Divorce and co-parenting are stressful enough, but when you add another layer of the holiday schedule, it can create even more frustration and challenging moments. Here’s how to make co-parenting during the holidays a little bit easier.

It seems that the first year or two of creating a holiday schedule are the most difficult and that is why it’s so important to have more structure and clarity.

This is where effective communication and focusing on what’s best for your kids truly takes the forefront.

Here are some of my best tips for how to plan and manage the holidays so that you save your sanity and your children have great memories of the holidays.

Co-parenting during the holidays

Plan Ahead and Communicate:

Start planning for the holidays well in advance to ensure everyone’s expectations and schedules are clear.

Communicate openly and respectfully with your co-parent about your plans, preferences, and any potential conflicts.

Create a Detailed Schedule:

Develop a clear and detailed holiday schedule that outlines when each parent will have time with the children, including specific dates and times. Often parenting plans have specific details about who has the children on each holiday and you may alternate that year to year.

Be Flexible and Accommodating:

Be open to making adjustments to the holiday schedule when necessary, considering the best interests and well-being of the children. I always recommend that parents have a Plan B as things can change. This keeps parents from having to put children in the middle of those unforeseen changes.

Maintain Consistency:

Aim to maintain consistent routines and traditions for the children, even if they are spending time in different households. Keep in mind that some children are more complex and need more consistency so be aware of each individual child and their specific personalities and needs.

Focus on Quality Time:

Make the most of the time you have with your children by engaging in meaningful activities, creating cherished memories, and emphasizing quality over quantity.

This is an opportunity to create new traditions and memories so instead of trying to keep everything the same, try new things. Your kids will love you for it.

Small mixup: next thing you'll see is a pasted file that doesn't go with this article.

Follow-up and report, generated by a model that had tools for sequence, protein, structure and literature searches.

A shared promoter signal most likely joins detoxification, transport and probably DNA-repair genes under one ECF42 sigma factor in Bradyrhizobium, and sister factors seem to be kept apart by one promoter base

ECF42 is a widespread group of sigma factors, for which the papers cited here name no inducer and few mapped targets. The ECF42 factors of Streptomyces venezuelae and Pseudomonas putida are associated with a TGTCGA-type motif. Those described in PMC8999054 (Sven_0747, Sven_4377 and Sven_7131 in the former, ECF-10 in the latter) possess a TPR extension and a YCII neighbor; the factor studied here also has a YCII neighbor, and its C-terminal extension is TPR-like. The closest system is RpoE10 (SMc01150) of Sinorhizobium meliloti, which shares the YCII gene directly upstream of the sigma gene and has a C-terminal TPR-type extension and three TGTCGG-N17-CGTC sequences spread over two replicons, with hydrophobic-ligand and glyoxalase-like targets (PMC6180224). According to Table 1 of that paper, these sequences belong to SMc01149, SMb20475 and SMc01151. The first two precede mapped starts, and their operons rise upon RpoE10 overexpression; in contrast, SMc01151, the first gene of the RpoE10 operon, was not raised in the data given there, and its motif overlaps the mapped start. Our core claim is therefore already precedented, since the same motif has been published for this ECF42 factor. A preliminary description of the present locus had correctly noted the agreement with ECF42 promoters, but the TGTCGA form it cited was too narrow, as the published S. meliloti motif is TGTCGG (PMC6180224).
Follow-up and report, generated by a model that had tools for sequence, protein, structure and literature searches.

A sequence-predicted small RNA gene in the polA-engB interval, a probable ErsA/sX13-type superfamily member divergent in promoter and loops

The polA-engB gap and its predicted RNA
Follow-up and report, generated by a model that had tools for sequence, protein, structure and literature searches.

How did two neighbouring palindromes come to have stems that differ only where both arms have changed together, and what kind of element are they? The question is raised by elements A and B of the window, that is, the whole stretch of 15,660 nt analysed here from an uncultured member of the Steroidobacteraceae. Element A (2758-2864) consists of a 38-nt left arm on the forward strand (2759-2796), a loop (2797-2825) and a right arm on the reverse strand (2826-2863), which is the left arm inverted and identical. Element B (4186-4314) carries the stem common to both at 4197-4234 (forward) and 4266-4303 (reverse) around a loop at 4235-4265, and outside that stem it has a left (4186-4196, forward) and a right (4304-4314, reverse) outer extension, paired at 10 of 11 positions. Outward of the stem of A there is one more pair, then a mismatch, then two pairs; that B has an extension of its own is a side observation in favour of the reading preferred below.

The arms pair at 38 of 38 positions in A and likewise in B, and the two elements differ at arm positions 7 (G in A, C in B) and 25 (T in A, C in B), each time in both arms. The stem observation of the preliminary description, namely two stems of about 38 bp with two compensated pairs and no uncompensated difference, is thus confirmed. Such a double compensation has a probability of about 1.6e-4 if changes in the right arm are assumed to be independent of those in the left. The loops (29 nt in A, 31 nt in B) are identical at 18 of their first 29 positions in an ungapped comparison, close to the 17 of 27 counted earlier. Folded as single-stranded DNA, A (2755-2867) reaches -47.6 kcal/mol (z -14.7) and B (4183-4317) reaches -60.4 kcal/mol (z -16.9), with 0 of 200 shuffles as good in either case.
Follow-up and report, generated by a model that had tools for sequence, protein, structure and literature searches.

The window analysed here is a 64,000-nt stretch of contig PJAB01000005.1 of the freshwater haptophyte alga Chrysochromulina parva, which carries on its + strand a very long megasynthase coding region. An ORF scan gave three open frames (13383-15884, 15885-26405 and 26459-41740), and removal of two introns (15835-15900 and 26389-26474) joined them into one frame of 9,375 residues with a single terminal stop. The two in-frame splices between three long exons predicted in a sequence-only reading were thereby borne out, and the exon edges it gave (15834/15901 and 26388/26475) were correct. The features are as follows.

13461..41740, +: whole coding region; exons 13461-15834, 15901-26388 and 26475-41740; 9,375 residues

Avoid Conflict in Front of the Children:

Ensure that any disagreements or conflicts are discussed privately, away from the children, to maintain a positive and peaceful holiday atmosphere. This goes without saying and should be the way it is both during holidays and beyond.

Exchange Necessary Information:

Share important information regarding the children’s plans, activities, and any special needs or requirements during the holiday period. Using a parenting app helps here if you struggle with this during the year as well.

Be Supportive of Each Other:

Encourage and support your co-parent’s relationship with the children, acknowledging the importance of their bond and involvement. You may not like how your co-parent is “doing the holidays” with your children, but remember to stay on your side of the street and allow the other parent to enjoy the holidays with the kids their way.

Stay Positive and Stay Calm:

It may be hard for you not to be without your children for the holidays, especially the first year or two. Use this time to consider what new ways you can find to be healthy and take care of your own well-being. It can be helpful to call on friends and family to help you pass the time when your children are with their co-parent.

Consider a Joint Celebration:

If possible and appropriate, consider spending part of the holiday together as a family to create a sense of togetherness and unity for the children. This takes a lot of communication, but some families are able to try this and make it work. If you’re dealing with a high conflict co-parenting relationship, please consider talking with a professional for additional tips.

Co-parenting during the holidays

If communication and coordination becomes too much and you can’t seem to do it alone, consider involving a co-parenting specialist  to help facilitate productive conversations and find mutually agreeable solutions.

Remember, co-parenting during the holidays requires cooperation, understanding, and flexibility. By putting the needs of your children first and maintaining open communication, you can create a positive holiday experience for everyone involved.

I’m here to help if you would like additional tips – you don’t need to do this alone.